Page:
Buffalo, New York – EPA assistance will help develop a protocol and institutional controls for post-demolition stormwater assessments to verify stormwater control performance and ensure that properties retain their stormwater control during redevelopment.
    Clarkesville, Georgia - EPA assistance will help design green infrastructure solutions for a highly impervious downtown area within a small community.
    Denver, Colorado – EPA assistance will support the completion of green infrastructure practice criteria suited for ultra-urban environments and transportation projects including design elements, maintenance procedures, and schedules.
    Fall River, Massachusetts – EPA assistance will help with the evaluation and concept design of tree plantings to address combined sewer overflows, stormwater and air quality issues, urban heat island effect, and climate change adaptation.
    Iowa City, Iowa – EPA assistance will help develop conceptual designs for green infrastructure practices for a riverfront property prone to flooding, which is being converted into park space.
    Milwaukee, Wisconsin - EPA assistance will help develop a model utility operation and maintenance plan to ensure green infrastructure practices are properly maintained and effective in reducing stormwater runoff.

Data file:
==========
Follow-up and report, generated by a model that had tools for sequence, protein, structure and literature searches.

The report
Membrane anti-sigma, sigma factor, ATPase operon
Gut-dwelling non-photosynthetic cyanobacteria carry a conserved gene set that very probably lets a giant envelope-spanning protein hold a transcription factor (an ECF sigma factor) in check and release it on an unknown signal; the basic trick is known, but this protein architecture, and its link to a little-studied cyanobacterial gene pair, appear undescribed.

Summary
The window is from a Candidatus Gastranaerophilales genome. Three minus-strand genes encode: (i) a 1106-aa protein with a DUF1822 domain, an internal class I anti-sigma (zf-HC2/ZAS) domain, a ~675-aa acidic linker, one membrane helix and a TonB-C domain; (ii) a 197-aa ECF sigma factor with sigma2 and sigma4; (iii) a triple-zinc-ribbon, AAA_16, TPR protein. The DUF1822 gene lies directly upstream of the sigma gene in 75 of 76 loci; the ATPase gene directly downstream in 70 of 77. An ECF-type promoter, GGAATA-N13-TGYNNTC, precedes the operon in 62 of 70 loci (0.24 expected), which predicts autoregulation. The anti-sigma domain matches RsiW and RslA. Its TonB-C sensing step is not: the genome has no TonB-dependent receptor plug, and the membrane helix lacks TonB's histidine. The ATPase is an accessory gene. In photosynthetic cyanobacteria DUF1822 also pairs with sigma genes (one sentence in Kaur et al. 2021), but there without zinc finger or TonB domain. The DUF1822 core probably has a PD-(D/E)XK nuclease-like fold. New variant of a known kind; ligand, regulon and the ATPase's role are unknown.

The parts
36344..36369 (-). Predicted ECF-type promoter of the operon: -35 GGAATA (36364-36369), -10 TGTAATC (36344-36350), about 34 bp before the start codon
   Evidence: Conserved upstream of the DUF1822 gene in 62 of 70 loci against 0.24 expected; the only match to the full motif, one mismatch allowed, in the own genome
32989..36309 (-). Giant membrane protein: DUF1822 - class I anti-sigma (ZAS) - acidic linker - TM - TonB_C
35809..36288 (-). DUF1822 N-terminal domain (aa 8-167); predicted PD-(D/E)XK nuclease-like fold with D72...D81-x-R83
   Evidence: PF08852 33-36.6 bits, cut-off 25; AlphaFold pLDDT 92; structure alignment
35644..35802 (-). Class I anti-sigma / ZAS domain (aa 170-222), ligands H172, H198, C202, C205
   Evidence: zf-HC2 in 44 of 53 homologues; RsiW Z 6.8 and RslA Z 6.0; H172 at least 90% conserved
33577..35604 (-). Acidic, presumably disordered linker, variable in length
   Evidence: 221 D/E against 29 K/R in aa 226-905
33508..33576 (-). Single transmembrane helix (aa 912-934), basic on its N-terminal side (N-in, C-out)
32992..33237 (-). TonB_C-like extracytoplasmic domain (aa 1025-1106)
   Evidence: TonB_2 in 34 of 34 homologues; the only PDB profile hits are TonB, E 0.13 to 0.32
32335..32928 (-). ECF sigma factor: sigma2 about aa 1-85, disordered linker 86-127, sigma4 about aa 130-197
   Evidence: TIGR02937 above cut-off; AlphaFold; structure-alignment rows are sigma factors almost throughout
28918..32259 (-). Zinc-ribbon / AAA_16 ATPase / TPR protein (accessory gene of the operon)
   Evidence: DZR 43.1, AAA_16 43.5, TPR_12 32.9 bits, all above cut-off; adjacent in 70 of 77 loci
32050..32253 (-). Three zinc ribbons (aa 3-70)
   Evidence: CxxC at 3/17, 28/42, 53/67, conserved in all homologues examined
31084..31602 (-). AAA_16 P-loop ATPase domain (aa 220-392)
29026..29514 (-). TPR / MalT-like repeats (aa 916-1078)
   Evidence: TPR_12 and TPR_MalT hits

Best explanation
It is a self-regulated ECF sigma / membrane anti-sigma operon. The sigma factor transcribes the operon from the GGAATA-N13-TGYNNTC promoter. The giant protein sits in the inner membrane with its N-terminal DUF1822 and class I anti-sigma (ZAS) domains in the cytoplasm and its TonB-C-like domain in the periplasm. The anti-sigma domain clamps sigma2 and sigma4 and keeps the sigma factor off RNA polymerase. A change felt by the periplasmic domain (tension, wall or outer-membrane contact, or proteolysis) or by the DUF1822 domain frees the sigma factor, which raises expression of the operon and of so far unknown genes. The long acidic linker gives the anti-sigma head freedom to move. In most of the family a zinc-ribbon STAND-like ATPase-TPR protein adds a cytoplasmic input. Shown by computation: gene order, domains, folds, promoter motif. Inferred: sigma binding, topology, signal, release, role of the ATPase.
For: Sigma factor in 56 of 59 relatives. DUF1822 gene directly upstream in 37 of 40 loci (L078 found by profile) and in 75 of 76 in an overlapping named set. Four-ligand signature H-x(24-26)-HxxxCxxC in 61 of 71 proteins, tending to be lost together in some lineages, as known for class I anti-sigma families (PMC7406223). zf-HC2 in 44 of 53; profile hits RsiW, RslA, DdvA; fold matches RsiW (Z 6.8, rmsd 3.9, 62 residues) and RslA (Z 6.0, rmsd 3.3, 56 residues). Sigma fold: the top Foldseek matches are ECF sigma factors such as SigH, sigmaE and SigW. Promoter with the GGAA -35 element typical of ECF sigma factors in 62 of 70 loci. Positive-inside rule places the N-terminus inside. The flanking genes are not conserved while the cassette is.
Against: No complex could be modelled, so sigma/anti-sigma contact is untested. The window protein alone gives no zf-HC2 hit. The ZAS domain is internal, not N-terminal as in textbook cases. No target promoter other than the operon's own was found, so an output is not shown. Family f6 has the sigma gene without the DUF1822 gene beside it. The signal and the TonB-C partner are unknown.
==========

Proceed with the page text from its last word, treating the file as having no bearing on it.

Norfolk, Virginia – EPA assistance will help identify green infrastructure alternatives to improve water quality and address shoreline erosion for a waterway in an urban area with a need to plan for how changes in sea level rise will affect green infrastructure methodology.
    Pueblo de Cochiti, New Mexico – EPA assistance will help prepare a plan that will integrate green infrastructure into land use planning, stormwater management, infrastructure improvements, transportation planning and open space for community members.
    Saint Paul, Minnesota – EPA assistance will help produce a green infrastructure feasibility study for a waterfront stormwater park in a vacated industrial area undergoing redevelopment.
    Scranton, Pennsylvania - EPA assistance will help incorporate green infrastructure included under the city’s combined sewer overflow long-term control plan into a comprehensive master plan for a newly developing arts district.

Green infrastructure decreases pollution to local waterways by treating rain where it falls and keeping polluted stormwater from entering sewer systems. Green infrastructure tools and techniques include green roofs, permeable materials, alternative designs for streets and buildings, trees, rain gardens and rain harvesting systems. Communities are increasingly using innovative green infrastructure to supplement or substitute for “gray” infrastructure such as pipes, filters, and ponds.

More information on the green infrastructure assistance, progress reports and strategy: http://water.epa.gov/infrastructure/greeninfrastructure/gi_support.cfm.